A beautiful home starts with skilled paintwork! It’s by far the cheapest way to give your house a complete make-over! Before starting to paint, you should read up on preparing the surfaces and decide about painting techniques, colours, trends and finishing touches. Every room in your house can be painted. Using the proper tools, the job will be finished in no time!
If you intend to start by filling in holes, or if you need to paint window frames, doors or cupboards, you should first remove all handles, locks and other fittings. If there’s any rotten wood, chisel it away until you reach the solid wood underneath, and then fill up the hole with liquid timber (wood-fill). Use a paint scraper to remove any peeling layers of old paint.
The next step to make sure that the new paint adheres well to the surface is to degrease old paint layers and/or sand the surface of the wood. Use ammonia water to clean the surface, and sand it with waterproof sandpaper no. 250. Remember to wear safety goggles and a coverall to protect yourself from dust, dirt and ammonia fumes.
Surfaces that don’t need to be painted (yet), like window frames, door posts and power sockets, can be covered with masking tape. Make sure you remove the tape as soon as you’re done painting! If you leave it on too long, it’s a lot of work to scrape off all the bits of glue and tape! Finally, make sure the room you’ll be working in is dust-free.
Generally, once the preparations are done, you’ll usually apply a coat of primer first and then fill in any holes, but some brands of filler recommend doing it the other way around. Make sure you read the instructions before you start! Use white primer to paint over light colours and grey primer to paint over dark colours, but make sure your primer coat isn’t too thick.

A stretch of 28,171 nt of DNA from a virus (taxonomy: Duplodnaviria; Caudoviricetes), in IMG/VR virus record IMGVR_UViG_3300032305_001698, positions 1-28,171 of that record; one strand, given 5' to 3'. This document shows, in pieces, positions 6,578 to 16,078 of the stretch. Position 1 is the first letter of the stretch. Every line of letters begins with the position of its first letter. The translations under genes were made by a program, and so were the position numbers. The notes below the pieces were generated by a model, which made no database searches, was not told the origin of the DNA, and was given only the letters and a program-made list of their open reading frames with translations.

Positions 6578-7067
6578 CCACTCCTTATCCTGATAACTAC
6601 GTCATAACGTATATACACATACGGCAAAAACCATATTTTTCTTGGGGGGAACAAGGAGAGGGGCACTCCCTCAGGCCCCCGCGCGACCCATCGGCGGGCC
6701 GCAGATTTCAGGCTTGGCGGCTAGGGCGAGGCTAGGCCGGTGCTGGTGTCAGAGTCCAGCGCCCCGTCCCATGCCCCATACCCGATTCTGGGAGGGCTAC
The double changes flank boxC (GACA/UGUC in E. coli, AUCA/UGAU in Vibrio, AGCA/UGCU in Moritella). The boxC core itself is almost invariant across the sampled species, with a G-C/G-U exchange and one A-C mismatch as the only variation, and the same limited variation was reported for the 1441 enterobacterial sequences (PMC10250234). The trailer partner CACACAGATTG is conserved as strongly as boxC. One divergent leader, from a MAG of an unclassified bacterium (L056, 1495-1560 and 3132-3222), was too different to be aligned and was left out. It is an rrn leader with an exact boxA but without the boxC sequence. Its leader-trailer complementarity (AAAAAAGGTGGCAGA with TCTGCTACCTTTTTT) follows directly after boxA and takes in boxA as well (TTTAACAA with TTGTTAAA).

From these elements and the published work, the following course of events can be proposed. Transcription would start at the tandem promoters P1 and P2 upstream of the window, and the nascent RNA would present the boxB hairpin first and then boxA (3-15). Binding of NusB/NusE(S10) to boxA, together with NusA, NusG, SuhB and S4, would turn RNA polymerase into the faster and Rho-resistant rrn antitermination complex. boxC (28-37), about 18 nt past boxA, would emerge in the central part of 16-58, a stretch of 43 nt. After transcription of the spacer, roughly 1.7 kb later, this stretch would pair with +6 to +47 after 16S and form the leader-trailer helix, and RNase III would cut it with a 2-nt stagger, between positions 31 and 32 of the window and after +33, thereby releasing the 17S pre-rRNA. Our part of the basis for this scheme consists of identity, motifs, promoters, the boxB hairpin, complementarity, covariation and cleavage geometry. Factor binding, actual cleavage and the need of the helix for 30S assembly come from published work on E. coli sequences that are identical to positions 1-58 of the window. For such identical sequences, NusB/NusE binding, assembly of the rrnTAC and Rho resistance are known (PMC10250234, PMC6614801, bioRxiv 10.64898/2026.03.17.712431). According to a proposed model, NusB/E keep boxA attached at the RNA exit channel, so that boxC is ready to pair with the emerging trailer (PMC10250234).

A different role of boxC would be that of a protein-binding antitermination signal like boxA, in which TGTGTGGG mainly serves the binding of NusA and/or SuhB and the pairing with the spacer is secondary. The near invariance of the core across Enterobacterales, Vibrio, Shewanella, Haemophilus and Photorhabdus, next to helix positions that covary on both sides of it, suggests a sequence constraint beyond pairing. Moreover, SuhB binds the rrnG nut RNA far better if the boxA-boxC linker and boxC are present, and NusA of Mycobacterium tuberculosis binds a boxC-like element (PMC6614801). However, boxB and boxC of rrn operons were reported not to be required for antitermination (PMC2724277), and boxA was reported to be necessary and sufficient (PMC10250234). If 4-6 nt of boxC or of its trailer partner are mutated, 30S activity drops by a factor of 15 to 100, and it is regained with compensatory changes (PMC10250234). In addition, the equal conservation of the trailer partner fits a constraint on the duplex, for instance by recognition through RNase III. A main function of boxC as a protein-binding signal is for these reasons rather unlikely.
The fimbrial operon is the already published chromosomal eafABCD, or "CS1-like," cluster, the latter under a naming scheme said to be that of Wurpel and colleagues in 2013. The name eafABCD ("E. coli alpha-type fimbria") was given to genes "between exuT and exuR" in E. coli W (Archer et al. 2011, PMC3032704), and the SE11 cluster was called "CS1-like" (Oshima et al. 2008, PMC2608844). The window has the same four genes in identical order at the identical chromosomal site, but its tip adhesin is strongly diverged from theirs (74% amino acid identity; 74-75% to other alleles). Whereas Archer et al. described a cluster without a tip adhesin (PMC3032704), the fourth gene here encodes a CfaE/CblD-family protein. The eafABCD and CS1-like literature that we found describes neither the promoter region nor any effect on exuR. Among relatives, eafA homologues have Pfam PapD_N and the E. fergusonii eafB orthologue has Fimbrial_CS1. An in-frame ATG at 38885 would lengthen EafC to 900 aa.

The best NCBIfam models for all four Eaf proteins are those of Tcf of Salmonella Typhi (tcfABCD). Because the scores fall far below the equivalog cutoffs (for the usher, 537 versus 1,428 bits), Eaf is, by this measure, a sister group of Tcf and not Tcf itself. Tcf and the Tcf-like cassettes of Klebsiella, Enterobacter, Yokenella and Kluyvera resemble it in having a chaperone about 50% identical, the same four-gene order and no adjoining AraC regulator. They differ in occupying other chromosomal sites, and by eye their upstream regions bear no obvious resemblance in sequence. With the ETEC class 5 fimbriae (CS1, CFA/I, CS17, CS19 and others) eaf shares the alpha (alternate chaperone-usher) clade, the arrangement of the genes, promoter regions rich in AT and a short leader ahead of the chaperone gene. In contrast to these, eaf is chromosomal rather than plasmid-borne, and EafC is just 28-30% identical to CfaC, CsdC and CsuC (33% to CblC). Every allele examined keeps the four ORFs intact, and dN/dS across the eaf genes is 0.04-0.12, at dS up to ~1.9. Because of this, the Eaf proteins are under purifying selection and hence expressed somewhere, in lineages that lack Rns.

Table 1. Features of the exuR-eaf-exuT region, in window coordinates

Every filler job requires a different kind of filler:
Indoor use: holes and cracks in stone walls, foamed concrete, sand-lime bricks, plasterboard, concrete → red band or gold band.
Outdoor use: holes and cracks in walls, concrete and sand-lime brick → lime mortar plaster.
Put some filler on a broad putty knife and spread it over the surface to be filled, using controlled movements. Remove excess filler immediately. Let the filler dry, then apply an extra layer if necessary. Lightly sand the filled section.
First measure the size of the room that needs to be painted (LxWxH) to determine how much paint you’ll need. For indoor paintwork, you can choose between acrylic paint and alkyd paint. Alkyd paint is more frequently used by professional painters. It achieves a more beautiful result than acrylic paint, but it can only be thinned with turpentine, increasing its environmental impact and intensifying the paint smell. It’s all up to you!
Paint comes in all sorts of colours and in various sheens: high-gloss, silk gloss and matt. Depending on the type, you’ll need to apply two layers of paint to achieve full coverage. Tip: poke a few holes in the lid of the paint can and pour the paint into the paint tray through the holes. This makes it easier to pour a small amount of paint.
For covering and transparent enamels, stains and acrylic paints, a short-pile mohair roller is best. A paintbrush is generally used for corners and narrow sections. To prevent bristles from coming loose from the brush and sticking to the walls, make sure you buy good-quality mohair paintbrushes. Start with painting the windows and the doors, working from the top down as much as possible.
If you need to stop painting for a short period, you can simply leave the brush or roller in the paint tray or put them in water. After you finish painting, clean the brush and roller thoroughly by rubbing any excess paint off against metal mesh and then rinsing them off with a special brush cleaner. If you have any paint left, don’t put it in the normal bin; leftover paint needs to go into the chemical waste bin at the the waste collection centre. After the painting tools have been cleaned, they can both be sealed in airtight bags; optionally, you could hang the brush with the bristles pointing downward. All paint containers must be closed completely; make sure they’re airtight.
For paintwork on the outside of your house, use professional outdoor paint (brand: Sigma or Sikkens), or wood stain or oil to treat wooden garden furniture, etc. The preparation process is about the same as for painting indoors, but you do need to take the weather into account. Also remember that you’ll need to touch up the outdoor paintwork every 3 to 5 years due to exposure to weather and dirt.
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